• Beyond Palin herself, the “mama-grizzlies” are failing to win-over Republican women. For example, Fox has reported that in  in Connecticut, Delaware and Nevada, Palin-backed Republican female candidates are polling behind Democrat men. 
  • Women across the spectrum are becoming disaffected with politics, more so than men. Since the mid 1980s women in the US have turned out to vote in greater proportions than men, and the gap in voter participation between male and female eligible voters reached its widest in 2008.  But the latest data from Gallup suggests all that might be about to change.  When asked about their enthusiasm to vote, US women now lag 13 percentage points behind men.
  • The number of women in Congress looks likely to fall for the first time.  Independent analysts are predicting 5-10 fewer women, despite the Republican party putting up a record 128 female candidates.  Susan Page of USA Today explains that this is to do with voters, both male and female, turning away from the Democrats (who have greater female presence) and opting for what they believe to be a “safe” pair of male hands in these tough economic times. 

So, after all the noise it seems as if America may be no closer to achieving a political system which is genuinely responsive to the needs of women.  Disappointing? Yes. Inevitable? Maybe.  The idea that the huge appetite for change that existed in America in 2008 has crumbled under the weight of financial crisis is now widely accepted.  Just as Obama’s Rooseveltian moment has passed, so it could be argued has the moment for a new mom-politique. But this explanation on its own feels too fatalistic. Even in hard times, it must be possible for politicians to speak directly to the needs of moms, and women in general. But, unlike a lot of what we've seen, the approach needs to be serious and content driven. Eye-catching and insubstantial is fine for a toffee apple, but it won't do for women.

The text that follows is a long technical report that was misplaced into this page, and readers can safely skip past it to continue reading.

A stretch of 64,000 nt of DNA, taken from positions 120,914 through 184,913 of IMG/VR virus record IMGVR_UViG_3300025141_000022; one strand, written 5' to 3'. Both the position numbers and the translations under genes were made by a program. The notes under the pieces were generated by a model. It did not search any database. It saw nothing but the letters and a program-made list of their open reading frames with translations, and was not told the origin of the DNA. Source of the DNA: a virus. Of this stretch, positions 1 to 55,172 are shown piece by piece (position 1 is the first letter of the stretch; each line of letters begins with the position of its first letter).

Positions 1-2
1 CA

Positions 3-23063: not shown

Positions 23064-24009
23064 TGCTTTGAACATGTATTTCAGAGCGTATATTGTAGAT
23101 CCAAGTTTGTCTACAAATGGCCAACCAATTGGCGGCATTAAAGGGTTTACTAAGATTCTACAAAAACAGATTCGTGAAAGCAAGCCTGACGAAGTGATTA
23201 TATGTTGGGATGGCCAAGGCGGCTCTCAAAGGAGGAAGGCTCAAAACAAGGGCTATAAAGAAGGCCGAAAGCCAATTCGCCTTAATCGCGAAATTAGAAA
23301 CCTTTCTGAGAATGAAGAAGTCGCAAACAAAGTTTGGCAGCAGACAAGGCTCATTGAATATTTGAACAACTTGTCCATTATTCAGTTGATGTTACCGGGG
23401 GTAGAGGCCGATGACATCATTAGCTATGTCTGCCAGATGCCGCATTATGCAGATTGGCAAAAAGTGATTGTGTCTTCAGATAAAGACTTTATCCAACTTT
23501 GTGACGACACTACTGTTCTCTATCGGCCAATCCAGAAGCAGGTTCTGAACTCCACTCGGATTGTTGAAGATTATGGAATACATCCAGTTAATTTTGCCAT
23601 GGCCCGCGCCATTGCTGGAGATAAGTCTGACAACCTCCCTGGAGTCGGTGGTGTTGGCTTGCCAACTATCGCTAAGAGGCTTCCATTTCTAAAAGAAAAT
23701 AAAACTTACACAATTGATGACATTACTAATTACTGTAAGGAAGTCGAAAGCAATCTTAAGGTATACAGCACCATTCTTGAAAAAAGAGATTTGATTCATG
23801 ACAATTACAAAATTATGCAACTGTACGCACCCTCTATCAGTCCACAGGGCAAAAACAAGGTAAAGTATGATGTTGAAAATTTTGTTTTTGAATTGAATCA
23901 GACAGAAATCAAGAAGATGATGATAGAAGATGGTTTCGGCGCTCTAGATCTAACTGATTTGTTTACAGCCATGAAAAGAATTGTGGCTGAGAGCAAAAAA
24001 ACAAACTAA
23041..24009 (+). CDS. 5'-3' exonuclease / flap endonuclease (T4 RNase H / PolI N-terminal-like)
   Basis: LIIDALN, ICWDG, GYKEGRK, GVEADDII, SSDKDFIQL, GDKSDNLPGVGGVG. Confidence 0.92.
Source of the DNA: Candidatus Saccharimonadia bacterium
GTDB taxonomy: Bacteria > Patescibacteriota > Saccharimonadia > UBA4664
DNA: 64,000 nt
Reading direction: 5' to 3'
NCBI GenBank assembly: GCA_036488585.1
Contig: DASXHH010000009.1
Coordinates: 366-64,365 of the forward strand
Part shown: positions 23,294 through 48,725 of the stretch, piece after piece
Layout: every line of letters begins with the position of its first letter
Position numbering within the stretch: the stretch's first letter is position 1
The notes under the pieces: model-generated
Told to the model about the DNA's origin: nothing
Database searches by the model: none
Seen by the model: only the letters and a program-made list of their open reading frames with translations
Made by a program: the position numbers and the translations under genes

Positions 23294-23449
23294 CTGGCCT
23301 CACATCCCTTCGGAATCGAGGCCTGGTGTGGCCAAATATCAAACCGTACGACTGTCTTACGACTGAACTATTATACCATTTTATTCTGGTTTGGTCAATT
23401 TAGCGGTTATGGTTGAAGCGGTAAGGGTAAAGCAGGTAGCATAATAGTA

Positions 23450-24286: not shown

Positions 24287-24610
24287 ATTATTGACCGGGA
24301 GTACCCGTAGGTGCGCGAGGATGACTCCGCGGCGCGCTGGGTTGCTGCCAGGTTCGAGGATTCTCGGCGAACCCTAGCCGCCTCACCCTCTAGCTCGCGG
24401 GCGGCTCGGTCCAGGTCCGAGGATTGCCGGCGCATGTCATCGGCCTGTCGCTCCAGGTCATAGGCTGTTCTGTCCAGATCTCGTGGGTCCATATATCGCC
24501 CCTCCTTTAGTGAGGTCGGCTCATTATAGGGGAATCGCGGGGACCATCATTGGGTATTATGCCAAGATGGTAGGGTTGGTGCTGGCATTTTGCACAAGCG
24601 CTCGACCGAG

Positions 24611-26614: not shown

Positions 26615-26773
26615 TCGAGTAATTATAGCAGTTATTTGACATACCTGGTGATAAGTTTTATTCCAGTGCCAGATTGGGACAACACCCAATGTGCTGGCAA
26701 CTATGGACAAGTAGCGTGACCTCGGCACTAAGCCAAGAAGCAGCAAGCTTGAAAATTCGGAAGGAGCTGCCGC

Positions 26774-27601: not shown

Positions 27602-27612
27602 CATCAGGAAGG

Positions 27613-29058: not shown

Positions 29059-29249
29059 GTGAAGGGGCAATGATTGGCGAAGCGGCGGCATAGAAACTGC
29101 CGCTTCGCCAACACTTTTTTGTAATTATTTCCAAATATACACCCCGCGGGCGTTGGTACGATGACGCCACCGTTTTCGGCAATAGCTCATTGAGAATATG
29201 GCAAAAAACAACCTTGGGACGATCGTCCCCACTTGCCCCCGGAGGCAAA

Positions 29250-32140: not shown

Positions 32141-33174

Saturday, October 9, 2010

New York, New York

Hello from a sunny Union Square, Manhattan. We’ve come here for a couple of days as Mr TD has a conference on. Its the first time I’ve visited New York as a mum and I’ve found the city surprisingly family friendly. There’s an astonishing amount of stuff on for kids, crossing the road with a pram has proved far easier than doing so without one and a number of locals have even found time to stop and coo at Little Teadrinker. They are also positively brimming with parenting advice. So far this morning I’ve had: “Your baby needs to get oudda da sun”, “You awda cover her feet”, “Dat’s bread ain’t sowft enough for her”... Its at least reassuring to know that, despite American aversion to nanny statism, Hilary Clinton’s favourite African proverb has some currency round here: “It takes a village city to raise a child”.